Likonomics: China's economic reboot Published: 2013-7-24 18:31:00

       Editor's Note    

'Likonomics', the term to describe Chinese Premier Li Keqiang's economic policy. Was coined on June 27 by three economists at Barclays Capital. Like "Thatcherism", "Reaganomics", and more recently “Abenomics”, "Likonomics" has become the buzzword to describe the implications of China's new economic program.

     About Likonomics


  About Keqiang Index



Chinese media comments: Likonomics to revitalize Chinese economy
At the end of June, China’s banks went through a short but severe monetary liquidity crisis. While the crisis exposed several existing problems with China’s financial system, it also revealed the determination of the new leadership to stabilize currencies and make structural adjustments to the economy.  

As we enter the advanced stages of reform, will and determination is more important than ever before.  

In March Premier Li mentioned how governments should take the initiative in spending cuts, something that coincides with the recent ideas for stock stimulus. We have a reason to believe that Li’s policy will be carried out faithfully and further drive China’s economy.

Investment Express: Likonomics not economic policy cure-all
While economic policy requires continuity and stability, it must also adjust to changes in the economic and social environments. As the premier of China, Li Keqiang shoulders the responsibility of improving the country’s economic health. All policy decisions must hold up to real future implementation. Likonomics are largely based on the findings of a small number of scholars. His economic policy and principles are not the same thing. What Are Policy-Makers Up To? Likonomics, Expert Says
Li and his cabinet realize that the government-led investment of the past is unsustainable and have withstood calls for new stimulus plans over the past three months.  Meanwhile, the central government has been working to control financial risk, especially excessive credit that will cause asset bubbles.

Xinhua News Agency:
Barclays CEO says Likonomics supports China's sustained growth
Jenkins said that under Likonomics, China may witness relatively slower economic growth over the coming years, likely in the range of 6 percent to 8 percent.

Foreign media comments:

Economist on July 1 explained Likonomics as a policy of no stimuli, deleveraging and structural reform. Li has argued that "China had little scope for stimulus or government-directed investment," mostly because Beijing's post-crisis stimulus – a four trillion-yuan package – was discredited for being too big and causing subsequent inflation. Likewise, leveraging has been denied for the same reasons, while structural reform, as Li has said, has always been "the biggest dividend" for China.

In the online version of Market Watch, the Wall Street Journal said China's economy would suffer slowed quarterly growth as low as 3 percent as part of what's known as a "temporary hard-landing." In the long-run, however, Likonomics will produce "for short-term pain leading to long-term gain."

Reuters quoted China Central Television (CCTV)'s report that the Chinese government would "will keep policy stable and make macro-controls more targeted and forward-looking to stabilize economic growth." In a July 18 report, Reuters also reported that analysts said the temporary slowdown in China would push the Chinese government "to quicken reforms to take up the economic slack, rather than slow them down."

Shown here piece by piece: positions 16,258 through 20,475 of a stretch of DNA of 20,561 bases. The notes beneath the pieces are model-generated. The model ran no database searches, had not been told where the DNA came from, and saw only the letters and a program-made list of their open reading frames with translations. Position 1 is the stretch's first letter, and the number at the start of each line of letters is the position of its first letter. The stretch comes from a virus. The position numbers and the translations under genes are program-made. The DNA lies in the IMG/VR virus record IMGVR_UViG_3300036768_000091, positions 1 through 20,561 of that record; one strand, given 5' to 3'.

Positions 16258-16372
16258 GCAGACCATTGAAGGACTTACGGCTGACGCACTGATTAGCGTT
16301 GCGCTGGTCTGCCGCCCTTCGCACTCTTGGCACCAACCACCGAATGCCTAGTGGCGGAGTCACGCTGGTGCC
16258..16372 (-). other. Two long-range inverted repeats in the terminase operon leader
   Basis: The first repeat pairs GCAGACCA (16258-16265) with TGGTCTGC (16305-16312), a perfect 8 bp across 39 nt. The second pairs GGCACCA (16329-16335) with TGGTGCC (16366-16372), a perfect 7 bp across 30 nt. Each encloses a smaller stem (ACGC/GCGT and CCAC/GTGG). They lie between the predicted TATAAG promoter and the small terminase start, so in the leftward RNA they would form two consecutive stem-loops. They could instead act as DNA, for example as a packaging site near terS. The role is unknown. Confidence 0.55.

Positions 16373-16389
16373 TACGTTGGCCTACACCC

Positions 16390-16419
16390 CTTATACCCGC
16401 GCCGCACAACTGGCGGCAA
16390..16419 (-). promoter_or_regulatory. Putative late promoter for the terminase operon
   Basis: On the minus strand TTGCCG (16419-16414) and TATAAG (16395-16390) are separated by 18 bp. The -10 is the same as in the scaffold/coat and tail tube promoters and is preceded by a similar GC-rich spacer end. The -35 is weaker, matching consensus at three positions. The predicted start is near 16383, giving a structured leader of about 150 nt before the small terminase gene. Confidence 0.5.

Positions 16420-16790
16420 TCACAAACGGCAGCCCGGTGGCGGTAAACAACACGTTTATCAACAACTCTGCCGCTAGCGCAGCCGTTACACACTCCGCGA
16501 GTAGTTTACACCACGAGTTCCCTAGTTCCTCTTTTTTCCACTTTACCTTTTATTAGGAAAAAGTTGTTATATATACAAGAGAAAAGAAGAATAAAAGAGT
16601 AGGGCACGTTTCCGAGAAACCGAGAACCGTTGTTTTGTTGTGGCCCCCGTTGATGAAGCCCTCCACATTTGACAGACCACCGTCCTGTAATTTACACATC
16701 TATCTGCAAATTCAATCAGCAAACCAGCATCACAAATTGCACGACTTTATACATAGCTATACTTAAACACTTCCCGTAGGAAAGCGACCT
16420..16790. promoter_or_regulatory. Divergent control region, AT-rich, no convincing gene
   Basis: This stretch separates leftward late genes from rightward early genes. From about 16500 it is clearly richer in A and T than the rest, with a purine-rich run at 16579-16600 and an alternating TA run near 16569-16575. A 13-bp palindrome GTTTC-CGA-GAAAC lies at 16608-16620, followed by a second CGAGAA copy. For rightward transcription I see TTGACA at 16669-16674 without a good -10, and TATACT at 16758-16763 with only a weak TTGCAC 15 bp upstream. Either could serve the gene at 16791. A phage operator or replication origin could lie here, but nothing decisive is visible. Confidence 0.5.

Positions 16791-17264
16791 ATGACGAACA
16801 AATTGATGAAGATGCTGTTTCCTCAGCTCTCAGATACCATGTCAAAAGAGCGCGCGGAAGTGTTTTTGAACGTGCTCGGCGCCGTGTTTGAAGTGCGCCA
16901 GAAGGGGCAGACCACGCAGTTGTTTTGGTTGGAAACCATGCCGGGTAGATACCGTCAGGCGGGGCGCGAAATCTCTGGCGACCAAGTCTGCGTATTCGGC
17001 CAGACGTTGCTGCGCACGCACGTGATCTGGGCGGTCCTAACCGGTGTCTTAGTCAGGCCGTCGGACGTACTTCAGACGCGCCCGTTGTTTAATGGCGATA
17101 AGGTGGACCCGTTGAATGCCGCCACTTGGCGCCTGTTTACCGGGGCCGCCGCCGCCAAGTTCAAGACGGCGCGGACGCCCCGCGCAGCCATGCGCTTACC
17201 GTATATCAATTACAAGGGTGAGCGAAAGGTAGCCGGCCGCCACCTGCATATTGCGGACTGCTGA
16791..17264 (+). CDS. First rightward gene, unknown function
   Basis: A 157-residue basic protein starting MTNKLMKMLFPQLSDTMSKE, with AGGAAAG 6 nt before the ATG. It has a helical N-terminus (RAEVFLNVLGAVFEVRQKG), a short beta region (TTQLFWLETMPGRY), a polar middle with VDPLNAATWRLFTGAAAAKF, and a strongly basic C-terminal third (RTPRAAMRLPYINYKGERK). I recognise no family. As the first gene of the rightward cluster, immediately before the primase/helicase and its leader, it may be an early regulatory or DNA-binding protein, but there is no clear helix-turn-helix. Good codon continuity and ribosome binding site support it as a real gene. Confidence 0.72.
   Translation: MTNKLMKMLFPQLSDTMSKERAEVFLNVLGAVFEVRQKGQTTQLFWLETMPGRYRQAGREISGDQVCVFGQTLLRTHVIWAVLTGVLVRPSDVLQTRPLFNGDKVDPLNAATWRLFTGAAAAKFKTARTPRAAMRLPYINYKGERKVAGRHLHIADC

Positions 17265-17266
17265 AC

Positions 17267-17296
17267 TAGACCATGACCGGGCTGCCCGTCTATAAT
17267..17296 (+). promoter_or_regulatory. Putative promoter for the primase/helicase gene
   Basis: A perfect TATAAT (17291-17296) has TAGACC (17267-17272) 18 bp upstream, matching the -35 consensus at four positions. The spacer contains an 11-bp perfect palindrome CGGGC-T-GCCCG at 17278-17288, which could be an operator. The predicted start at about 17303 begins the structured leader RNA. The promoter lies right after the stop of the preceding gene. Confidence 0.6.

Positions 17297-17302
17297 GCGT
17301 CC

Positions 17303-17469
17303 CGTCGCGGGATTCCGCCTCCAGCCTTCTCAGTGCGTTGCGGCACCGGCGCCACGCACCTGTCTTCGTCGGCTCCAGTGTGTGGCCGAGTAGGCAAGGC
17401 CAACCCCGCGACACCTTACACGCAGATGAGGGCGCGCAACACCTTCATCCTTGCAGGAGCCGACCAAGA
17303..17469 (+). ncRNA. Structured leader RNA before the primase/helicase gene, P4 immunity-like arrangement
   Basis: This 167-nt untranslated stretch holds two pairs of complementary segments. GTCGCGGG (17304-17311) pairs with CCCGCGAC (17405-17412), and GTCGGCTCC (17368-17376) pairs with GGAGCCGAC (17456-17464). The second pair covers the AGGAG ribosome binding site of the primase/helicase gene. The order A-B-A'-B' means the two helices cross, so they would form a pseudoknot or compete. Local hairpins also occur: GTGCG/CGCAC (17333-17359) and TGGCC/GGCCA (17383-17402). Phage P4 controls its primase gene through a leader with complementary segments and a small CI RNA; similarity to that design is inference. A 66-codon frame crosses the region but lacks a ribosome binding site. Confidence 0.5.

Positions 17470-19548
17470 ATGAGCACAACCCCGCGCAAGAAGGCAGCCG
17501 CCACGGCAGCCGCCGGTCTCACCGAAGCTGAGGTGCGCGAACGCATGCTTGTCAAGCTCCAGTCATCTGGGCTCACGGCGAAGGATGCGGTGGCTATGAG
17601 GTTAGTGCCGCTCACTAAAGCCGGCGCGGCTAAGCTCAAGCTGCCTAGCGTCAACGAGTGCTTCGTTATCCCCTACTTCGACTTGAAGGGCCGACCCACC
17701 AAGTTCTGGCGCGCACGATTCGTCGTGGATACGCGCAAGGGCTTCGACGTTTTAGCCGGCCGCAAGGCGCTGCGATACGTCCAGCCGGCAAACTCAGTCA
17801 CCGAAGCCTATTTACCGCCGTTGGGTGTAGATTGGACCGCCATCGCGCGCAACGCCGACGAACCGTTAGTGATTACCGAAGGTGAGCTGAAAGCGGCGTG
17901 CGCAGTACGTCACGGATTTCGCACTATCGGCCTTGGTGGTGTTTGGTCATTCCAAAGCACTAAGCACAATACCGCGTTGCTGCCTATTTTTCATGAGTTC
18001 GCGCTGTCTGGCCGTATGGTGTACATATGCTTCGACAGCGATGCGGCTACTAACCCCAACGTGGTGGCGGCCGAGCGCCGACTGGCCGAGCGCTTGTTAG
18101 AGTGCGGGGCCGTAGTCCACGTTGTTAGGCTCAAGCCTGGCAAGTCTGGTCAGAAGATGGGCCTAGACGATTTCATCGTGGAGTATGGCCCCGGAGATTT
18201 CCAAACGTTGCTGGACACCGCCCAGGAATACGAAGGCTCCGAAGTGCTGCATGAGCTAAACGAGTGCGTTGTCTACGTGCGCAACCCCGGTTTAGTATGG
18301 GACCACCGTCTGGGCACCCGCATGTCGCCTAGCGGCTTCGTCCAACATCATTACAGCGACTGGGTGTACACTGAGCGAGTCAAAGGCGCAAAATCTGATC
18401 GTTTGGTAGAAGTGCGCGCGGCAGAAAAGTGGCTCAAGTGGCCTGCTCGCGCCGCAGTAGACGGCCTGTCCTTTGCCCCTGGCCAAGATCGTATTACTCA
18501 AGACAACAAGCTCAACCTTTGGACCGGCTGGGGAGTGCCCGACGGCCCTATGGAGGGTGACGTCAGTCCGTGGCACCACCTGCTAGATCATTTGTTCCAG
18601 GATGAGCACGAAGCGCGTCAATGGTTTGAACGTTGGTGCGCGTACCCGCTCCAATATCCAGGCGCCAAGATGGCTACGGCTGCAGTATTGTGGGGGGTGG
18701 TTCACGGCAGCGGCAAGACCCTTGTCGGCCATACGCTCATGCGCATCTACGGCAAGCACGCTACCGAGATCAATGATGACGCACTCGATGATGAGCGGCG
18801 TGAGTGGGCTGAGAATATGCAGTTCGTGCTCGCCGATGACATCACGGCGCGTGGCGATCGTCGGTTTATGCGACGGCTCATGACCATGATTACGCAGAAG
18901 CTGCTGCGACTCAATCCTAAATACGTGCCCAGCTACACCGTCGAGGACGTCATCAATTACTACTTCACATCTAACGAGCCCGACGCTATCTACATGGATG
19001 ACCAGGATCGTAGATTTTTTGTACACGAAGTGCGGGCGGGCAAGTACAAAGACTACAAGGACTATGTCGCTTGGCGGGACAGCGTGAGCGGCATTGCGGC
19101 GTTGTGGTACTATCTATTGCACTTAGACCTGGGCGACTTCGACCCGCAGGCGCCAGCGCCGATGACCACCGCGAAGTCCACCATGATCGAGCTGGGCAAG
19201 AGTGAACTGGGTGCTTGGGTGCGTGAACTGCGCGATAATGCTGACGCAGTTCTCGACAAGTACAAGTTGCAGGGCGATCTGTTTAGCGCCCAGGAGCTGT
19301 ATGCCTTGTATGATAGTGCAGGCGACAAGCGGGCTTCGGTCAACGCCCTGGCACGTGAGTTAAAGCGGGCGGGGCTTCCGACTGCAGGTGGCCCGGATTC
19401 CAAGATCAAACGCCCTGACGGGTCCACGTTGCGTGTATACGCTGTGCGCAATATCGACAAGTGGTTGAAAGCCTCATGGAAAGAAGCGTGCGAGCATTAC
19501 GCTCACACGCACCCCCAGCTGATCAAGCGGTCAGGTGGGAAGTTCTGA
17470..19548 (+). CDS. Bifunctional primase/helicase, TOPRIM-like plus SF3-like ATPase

Li's previous reforms
Time Reform Report
2013 Institutional reform Li insisted on cutting down the cabinet departments down to 25 to bring more efficiency.
2009 Healthcare reform When serving as the vice premier of the State Council, Li was tasked to oversee the country's healthcare system reform. The reform has been progressing with the goal of providing a basic medical system as a public service to all.
2008 Fuel tax reform Li was credited with seizing the opportunity presented by the 2008 financial crisis to propel complex fuel tax reforms involving multiple stakeholders.
The initiative has helped eliminate redundant fuel fees, inspired energy conservation and emission reduction, improved the refined oil pricing system and accumulated experience for future reforms.
2005 Shantytown renovation Within three years, 1.2 million residents had moved into new apartments and the shantytowns had been relegated to history.
2004 Urbanization reform When Li served as the governor of Henan Province, he tried to seek a coordinated development of industrialization, urbanization and agricultural modernization.

      Related Reports

Special reports:

Keep it steady
With a doctorate degree in economics from Peking University, Premier Li Keqiang has already had a strong impact on thinking about the progress of China's economy.

The right Balance
On June 24, the 100th day of the new government led by President Xi Jinping and Premier Li Keqiang, China's stock markets suffered their heaviest daily loss in nearly four years.

Biz reports:
Growth slows for 2nd straight quarter
Economists warn against credit tightening
China’s banks weigh options amid cash squeeze

       Editor's Note    

经济增长 jīngjì zēngzhǎng economic growth


现在需要由家庭消费、私营部门和新经济来带动经济增长。(Source: 每经网)

Domestic consumption, the private sector and new economies are all needed to boost economic growth.

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